Posted by: kathandroger | June 2, 2019

One week, two countries.

We live in an era of cheap and easily available travel. I worry about all the pollution we cause, especially travelling by air, but have to admit it has not made much difference to my own plans.  I went back to the UK last week to attend a friends’ funeral. Sad occasion, but beautifully done and a pleasure to see some very old chums. This time I drove to the ferry at Caen, left the car, and traversed as a foot passenger. Very much cheaper than taking the vehicle, and a mate picked me up from the terminal to spend the night at his nearby house. I love the ferry. Six hours of doing nothing, except watching the sea, reading, eating and generally people watching. Lots of schoolchildren on trips, and lots of jollity.

Rejoining the country of my birth is strange nowadays. I know it was my home for many happy years, but it now feels a bit alien and so totally different to France. My friends in Hampshire have a wonderful house and gardens, and I was awoken by the dawn chorus of birds, something which happens rarely here. We traveled to London for the ceremony, taking a succession of trains then Uber taxis. Nowhere did we have to wait for more than ten minutes in what was a very complicated journey; oh the wonders of the smartphone! All around was the familiar bustle of London which I knew so well, as well as the looks of frustration and annoyance of passengers having to stand on the trains. But we made it on time, the ceremony was dignified with some beautiful professional singers, and my lovely lady friend was laid to rest with her friends and family all around her. IMG_0749The reception was held just outside London, and the photo reminds me of how I feel about my home town now; murky and very much in the distance.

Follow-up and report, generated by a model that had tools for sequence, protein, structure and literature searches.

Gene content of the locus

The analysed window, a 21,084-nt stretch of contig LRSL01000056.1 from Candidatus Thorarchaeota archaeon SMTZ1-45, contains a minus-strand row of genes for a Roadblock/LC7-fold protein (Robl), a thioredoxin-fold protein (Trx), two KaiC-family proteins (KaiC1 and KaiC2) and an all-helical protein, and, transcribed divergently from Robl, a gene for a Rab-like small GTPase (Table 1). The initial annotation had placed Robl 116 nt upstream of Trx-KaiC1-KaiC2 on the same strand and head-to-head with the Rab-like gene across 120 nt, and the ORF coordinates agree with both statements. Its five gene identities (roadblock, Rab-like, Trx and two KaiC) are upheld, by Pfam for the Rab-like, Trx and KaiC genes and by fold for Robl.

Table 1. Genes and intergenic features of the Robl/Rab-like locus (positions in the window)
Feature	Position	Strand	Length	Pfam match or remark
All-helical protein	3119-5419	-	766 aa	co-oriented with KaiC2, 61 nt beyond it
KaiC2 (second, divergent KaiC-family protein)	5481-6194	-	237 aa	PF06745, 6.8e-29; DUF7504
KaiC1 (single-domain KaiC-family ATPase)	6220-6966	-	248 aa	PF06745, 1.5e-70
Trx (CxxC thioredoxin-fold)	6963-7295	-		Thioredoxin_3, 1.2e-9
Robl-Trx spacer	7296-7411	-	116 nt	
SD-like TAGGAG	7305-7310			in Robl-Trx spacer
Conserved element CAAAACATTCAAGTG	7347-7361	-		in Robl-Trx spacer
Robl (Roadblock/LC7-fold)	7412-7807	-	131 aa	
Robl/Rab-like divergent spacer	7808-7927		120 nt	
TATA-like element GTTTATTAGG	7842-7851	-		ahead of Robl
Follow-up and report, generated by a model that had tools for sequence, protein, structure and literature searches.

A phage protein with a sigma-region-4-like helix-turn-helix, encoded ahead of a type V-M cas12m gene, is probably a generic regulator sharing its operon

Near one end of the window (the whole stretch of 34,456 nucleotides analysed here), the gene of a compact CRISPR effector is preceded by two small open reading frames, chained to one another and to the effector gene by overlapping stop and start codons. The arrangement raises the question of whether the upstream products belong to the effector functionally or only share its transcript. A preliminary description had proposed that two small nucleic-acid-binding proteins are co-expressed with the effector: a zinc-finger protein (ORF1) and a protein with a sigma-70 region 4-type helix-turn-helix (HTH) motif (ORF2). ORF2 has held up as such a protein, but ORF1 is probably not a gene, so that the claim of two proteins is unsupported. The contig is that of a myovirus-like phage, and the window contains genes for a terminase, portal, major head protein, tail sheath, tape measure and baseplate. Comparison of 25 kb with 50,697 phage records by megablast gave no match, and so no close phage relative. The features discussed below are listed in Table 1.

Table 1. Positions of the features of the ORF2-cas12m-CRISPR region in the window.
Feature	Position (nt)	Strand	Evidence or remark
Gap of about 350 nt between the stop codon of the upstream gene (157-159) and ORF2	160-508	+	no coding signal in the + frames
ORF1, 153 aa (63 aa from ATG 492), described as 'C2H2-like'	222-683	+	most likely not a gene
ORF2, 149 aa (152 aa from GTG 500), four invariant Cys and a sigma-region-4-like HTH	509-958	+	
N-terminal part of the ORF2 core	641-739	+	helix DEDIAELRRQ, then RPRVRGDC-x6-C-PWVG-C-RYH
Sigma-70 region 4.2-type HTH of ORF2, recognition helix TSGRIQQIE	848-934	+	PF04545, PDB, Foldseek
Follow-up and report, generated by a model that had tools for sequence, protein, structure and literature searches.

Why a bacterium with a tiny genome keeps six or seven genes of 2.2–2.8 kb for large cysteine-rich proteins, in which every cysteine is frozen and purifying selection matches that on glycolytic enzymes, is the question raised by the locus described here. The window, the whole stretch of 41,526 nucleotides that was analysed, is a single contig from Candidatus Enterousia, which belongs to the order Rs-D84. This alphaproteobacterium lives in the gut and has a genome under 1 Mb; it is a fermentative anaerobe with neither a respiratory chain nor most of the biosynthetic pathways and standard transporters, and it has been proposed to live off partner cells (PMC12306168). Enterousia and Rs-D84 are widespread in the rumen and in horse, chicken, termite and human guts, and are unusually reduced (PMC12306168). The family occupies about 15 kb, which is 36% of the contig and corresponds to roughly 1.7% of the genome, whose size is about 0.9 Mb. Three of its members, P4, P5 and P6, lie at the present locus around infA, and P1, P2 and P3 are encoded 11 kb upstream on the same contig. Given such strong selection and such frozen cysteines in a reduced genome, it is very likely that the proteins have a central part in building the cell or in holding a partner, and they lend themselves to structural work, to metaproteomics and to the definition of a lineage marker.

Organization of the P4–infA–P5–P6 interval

It was good to get home: the ferry was full of American visitors to the Northern Beaches for the war anniversary, but again there were lots of youngsters behaving like youngsters do. I drove back without a stop, and was pleased to find the car covered in squashed insects the next day. We hear so much about the fall in the insect population, another worry, but the remnants of the species seemed to have made Kamikaze attacks on the vehicle. Sorry about the killing, but it reassured me that all is not lost yet.


Yesterday was another new experience. A “semi nocturnal ramble”. Apparently they are quite common here, the local walking clubs organising a route of varying distances, with a stop just before the end to eat a meal. It began at dusk, on what was a very hot evening, and at about 11 km we stopped at a renovated farm for a typical French “snack”.IMG_0753There were about a hundred walkers for the very pretty route around Chaumussay, a local village. The pace was leisurely, the company good, and I even had time to remind myself of the power of nature, this tree, tangled in the fence, had obviously been too much for extraction.IMG_0755And then the meal! As always in France, eating is both important and not to be rushed. We started with the apero at about half past nine, and left after coffee not long before midnight, and it was just a simple affair in an outside marquee. That is the France that I have come to know and love!

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